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Backlog of behavioral health patients constrains Concord Hospital Emergency Department

  • Peter Evers, CEO of Riverbend Community Health, talks Thursday about the effect of dwindling mental health resources in the community and the impact it has on places like Concord Hospital. Elodie Reed/Monitor staff

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    Concord Hospital is adjusting to a "new normal" as they see increasing numbers of mental health and medical patients in the emergency room. Elodie Reed/Monitor staff

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    Concord Hospital is seeing a "new normal," where, due to a shortage in mental health resources, mental health patients are in the emergency room for days and sometimes weeks at a time. As a result, all emergency room patients are experiencing longer wait times. Elodie Reed/Monitor staff

  • A security officer stands by while an LNA named Karen works with mental health patients in a make-shift care area in a Concord Hospital Emergency Department hallway Thursday. In recent months and especially for the last two weeks, the hospital has experienced a backlog of patients waiting to be admitted to New Hampshire State Hospital. In the meantime, other medical patients are experiencing longer wait times. Elodie Reed / Monitor staff

  • Concord Hospital has to keep mental health patients in an emergency room hallway due to a backlog at New Hampshire State Hospital. Elodie Reed/Monitor staff

  • Concord Hospital Emergency Department director Anne Tyrol points to the hospital's live data showing its NEDOCS (National Emergency Department Overcrowding Scale) score. Just after 11 a.m. Thursday, the score was at 149 - in the severe range. Elodie Reed/Monitor staff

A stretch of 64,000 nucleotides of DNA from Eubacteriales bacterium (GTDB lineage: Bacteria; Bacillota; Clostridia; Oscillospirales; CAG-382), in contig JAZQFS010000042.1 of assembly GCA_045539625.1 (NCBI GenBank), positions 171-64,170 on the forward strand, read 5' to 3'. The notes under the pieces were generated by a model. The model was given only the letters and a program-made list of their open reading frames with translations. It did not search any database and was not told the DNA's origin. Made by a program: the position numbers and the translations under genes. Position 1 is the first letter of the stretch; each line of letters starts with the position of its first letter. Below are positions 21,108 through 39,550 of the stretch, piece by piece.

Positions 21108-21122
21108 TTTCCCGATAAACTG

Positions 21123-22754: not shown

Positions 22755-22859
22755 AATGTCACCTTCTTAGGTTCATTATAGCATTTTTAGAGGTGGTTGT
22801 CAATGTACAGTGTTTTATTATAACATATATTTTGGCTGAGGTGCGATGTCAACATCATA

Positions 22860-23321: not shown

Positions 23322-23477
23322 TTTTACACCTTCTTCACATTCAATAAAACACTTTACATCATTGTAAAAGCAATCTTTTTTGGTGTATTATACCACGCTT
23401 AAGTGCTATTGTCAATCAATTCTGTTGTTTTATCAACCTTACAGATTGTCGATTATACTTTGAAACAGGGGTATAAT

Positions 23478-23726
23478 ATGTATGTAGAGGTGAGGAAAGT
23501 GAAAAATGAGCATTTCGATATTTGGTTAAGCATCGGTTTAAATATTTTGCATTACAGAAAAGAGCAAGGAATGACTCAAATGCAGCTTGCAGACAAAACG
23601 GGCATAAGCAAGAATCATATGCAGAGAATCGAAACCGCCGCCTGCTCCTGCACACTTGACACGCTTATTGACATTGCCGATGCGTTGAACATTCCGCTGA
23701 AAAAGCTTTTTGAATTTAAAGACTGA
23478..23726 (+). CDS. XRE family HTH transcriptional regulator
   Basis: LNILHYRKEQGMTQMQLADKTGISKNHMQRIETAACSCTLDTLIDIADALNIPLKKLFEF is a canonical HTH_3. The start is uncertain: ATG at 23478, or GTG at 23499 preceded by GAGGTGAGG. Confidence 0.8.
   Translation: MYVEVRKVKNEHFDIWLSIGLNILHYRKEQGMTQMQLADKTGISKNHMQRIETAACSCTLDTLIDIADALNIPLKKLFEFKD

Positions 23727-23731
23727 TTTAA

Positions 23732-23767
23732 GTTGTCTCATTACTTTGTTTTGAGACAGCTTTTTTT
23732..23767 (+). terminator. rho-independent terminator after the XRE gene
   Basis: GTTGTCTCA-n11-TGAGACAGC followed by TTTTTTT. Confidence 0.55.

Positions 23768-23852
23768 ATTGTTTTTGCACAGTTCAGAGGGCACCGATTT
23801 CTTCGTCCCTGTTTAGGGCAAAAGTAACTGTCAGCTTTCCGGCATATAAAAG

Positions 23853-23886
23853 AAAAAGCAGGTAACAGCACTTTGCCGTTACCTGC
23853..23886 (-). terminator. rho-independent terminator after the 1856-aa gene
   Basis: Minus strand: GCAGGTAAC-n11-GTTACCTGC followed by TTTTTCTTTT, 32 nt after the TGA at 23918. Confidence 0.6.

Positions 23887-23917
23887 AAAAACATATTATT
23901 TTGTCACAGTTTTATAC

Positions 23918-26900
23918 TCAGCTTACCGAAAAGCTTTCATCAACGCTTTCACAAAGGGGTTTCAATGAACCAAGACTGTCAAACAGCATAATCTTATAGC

• A locked, secured door leads to the yellow pod rooms in Concord Hospital, where mental health patients are kept in the midst of a crisis. Elodie Reed/Monitor staff

  • An empty bed sits in a yellow pod room at Concord Hospital, where mental health patients go when they're in crisis. Elodie Reed/Monitor staff

  • A screened-in television is provided to keep yellow pod patients busy. Elodie Reed/Monitor staff

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    An LNA checks in on a mental health patient in a makeshift area in an emergency room hallway at Concord Hospital Thursday. The nurse said she's been working overtime to help out with a surge in mental health emergency room admittals. "It's sad becasue there's no privacy," she said. "I just keep them happy." Elodie Reed/Monitor staff

  • A Concord Hospital LNA named Karen takes a phone call in-between assisting mental health patients in the Concord Hospital Emergency Department on Thursday. Elodie Reed / Monitor staff

Monitor staff
Published: 2/25/2017 11:23:08 PM

On a Concord Hospital Emergency Department wall, two large computer screens flash with brightly colored bar graphs, tracking the number of patients in the department at a given time.

Second-by-second, the hospital displays the flow of patients as they enter and exit, using the National Emergency Department Overcrowding Scale. On a good day, their score is around 75. But recently, that score has shot up as far as 500 – well above the scale’s “disaster” rating.

“A lot of that is wait times,” the hospital’s Emergency Department Director Anne Tyrol said.

The situation has been particularly acute for mental health patients. On Monday, a record 68 adult and pediatric patients were stuck in hospital emergency rooms around the state, waiting for a bed to open at New Hampshire Hospital – the state’s psychiatric facility. Nineteen of them were at Concord Hospital.

Some have been waiting in emergency rooms for weeks.

“That was the new state high,” CEO of Riverbend Community Mental Health in Concord Peter Evers said. “It’s not really a spike. It’s a bottleneck.”

The long wait times being felt in hospitals across the state are having a disproportionate effect on Concord Hospital due to its proximity to the state psychiatric hospital. In addition, its own existing mental health unit, nicknamed the “Yellow Pod,” has made it a destination for many behavioral health patients.

With two-thirds of the Concord Hospital Emergency Department’s beds already occupied by behavioral health patients, waiting times are increasing and staff are treating patients in the hallways and waiting rooms to try to keep the flow moving.

On a good week, Concord Hospital moves 10 behavioral health patients over to open beds at New Hampshire Hospital. Last week, they moved just two. At one point, 22 of the emergency department’s 37 beds were occupied by patients with mental health issues.